The Best Laid Plans

This month (or this year) began with some ideas (read:plans) on how things were going to go and none of that has worked out exactly. Let’s start with reading, as an example, the *idea* was to jump into Hemingway. After a suggestion on a previous post I started with Islands In The Stream, great. That read, in theory should have plunged me into a Hemingway tangent and the plan would have been realized. What actually happened? The kids died. If you don’t know what that means, it’s cool, I will elaborate in another post at another time. Will have to suffice to say, the book got set down and it took several fits and starts over a few weeks for me to pick it back up. Not to worry though, there was a tangent and it came under the author heading of Christopher Moore.

And the Book of the Year goes to….


My friend said, read these books, Christopher Moore is doing a book tour and we’re going.  Truth be told, I was reticent as I had read a Moore book before, Practical Demon Keeping, and I did not care for it. At all. Alas, I am *still* not in charge. I like vampires and his (Moore’s) new book is the third in his vampire tales, alright. My Moore-ish adventure began with Bloodsucking Fiends and You Suck the precursors to the upcoming release. Followed in short order by, Coyote Blue (well, sort of), A Dirty Job, Lamb and currently The Stupidest Angel.

On Demons & Coyotes

Not entirely certain what it is about these two books that did not work for me, but, yeah, did NOT work for me. I *suffered* through Practical Demon Keeping as it is not my habit to leave a book unfinished. Not entirely certain why I can’t walk away from a book if I don’t like it, BUT, I do have the satisfaction of knowing that if I can just get through it I never have to read another one again.

About that.

My friend’s enthusiasm for Moore, he is her favorite (and she is one of my favorite people, see how this works?) is the means by which I found myself roped in, again. Maybe I missed something? Maybe *I* got it wrong? well, had I begun my latest foray into Moore’s works with Coyote Blue it would have ended right then and there. I can tell you that what bothered me, right off the bat, was his depiction of an Indian, any Indian. It is a button and a peeve. As an American historian by training and a culturalist to boot most depictions of ‘Native Americans’ irk me. Moore, no exception. What is of note here and it has nothing to do with the merits of his work? I closed the book. Not going to do it. Several chapters in, I quit. Then I returned it to my friend and said, ‘Nope. Stopped reading.’ It’s her favorite. Ha! Nothing to be done for it, however, I had already told the truth.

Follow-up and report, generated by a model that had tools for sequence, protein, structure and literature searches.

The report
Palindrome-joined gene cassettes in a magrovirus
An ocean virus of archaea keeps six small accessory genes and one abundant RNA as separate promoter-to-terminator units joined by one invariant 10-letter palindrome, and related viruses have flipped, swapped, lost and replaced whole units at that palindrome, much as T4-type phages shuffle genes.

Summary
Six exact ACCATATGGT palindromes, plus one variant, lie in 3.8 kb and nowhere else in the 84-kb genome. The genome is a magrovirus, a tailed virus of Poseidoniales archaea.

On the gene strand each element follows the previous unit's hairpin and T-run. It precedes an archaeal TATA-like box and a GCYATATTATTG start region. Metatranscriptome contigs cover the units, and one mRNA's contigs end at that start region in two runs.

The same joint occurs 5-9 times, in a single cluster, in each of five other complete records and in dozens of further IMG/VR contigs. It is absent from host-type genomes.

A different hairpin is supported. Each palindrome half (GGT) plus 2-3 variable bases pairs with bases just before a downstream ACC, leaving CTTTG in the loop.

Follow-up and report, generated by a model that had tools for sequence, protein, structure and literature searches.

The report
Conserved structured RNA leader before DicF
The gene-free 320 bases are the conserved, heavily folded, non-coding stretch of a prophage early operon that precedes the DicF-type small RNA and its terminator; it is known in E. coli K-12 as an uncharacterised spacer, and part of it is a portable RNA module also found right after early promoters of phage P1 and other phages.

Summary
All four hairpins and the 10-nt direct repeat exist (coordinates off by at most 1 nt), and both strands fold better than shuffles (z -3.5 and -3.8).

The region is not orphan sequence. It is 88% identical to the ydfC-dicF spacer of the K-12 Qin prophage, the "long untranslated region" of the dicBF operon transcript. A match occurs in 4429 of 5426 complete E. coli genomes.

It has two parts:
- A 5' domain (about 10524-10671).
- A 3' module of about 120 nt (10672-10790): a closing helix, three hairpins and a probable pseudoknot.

And the Lord said…


Read this book. Okay, the Lord had nothing to do with it. If you only ever read one Christopher Moore book, in your life, let it be Lamb: The Gospel According to Biff, Christ’s Childhood Pal. Sweet Mother O’ God, this is hands down one of the funniest books that I have EVER read. Not only did I laugh, chuckle, guffaw and peal may way through this book-the ‘message’ (you know the one) in the end (you know which one) remains completely intact. Brilliant.


One Response

  1. Stupidest Angel: You simply cannot go wrong with Zombies, Santa Claus, and a terribly awesome fruit bat. Ray Ban wearing fruit bat, even. And possibly my favorite angel ever. It and Lamb crack me up and just make me happy. I’m partial to Lust Lizard of Melancholy Cove as well.

    Never have finished Coyote, though I keep thinking I could if I tried hard enough.

    Have you read I Killed Hemingway? It rather restored my faith in myself with regard to my inability to read Hemingway in a serious manner. The book is not brilliant, by any means (pacing, pacing), but it was a lovely and loving send up of Hemingway scholars and impersonators, who are really second only to comparative literature scholars (of all stripes) in over-weaning angst. I say that, of course, with all love in my heart, since I am one of the latter. Nearly made me want to go dust off the Hemingway on the shelf.

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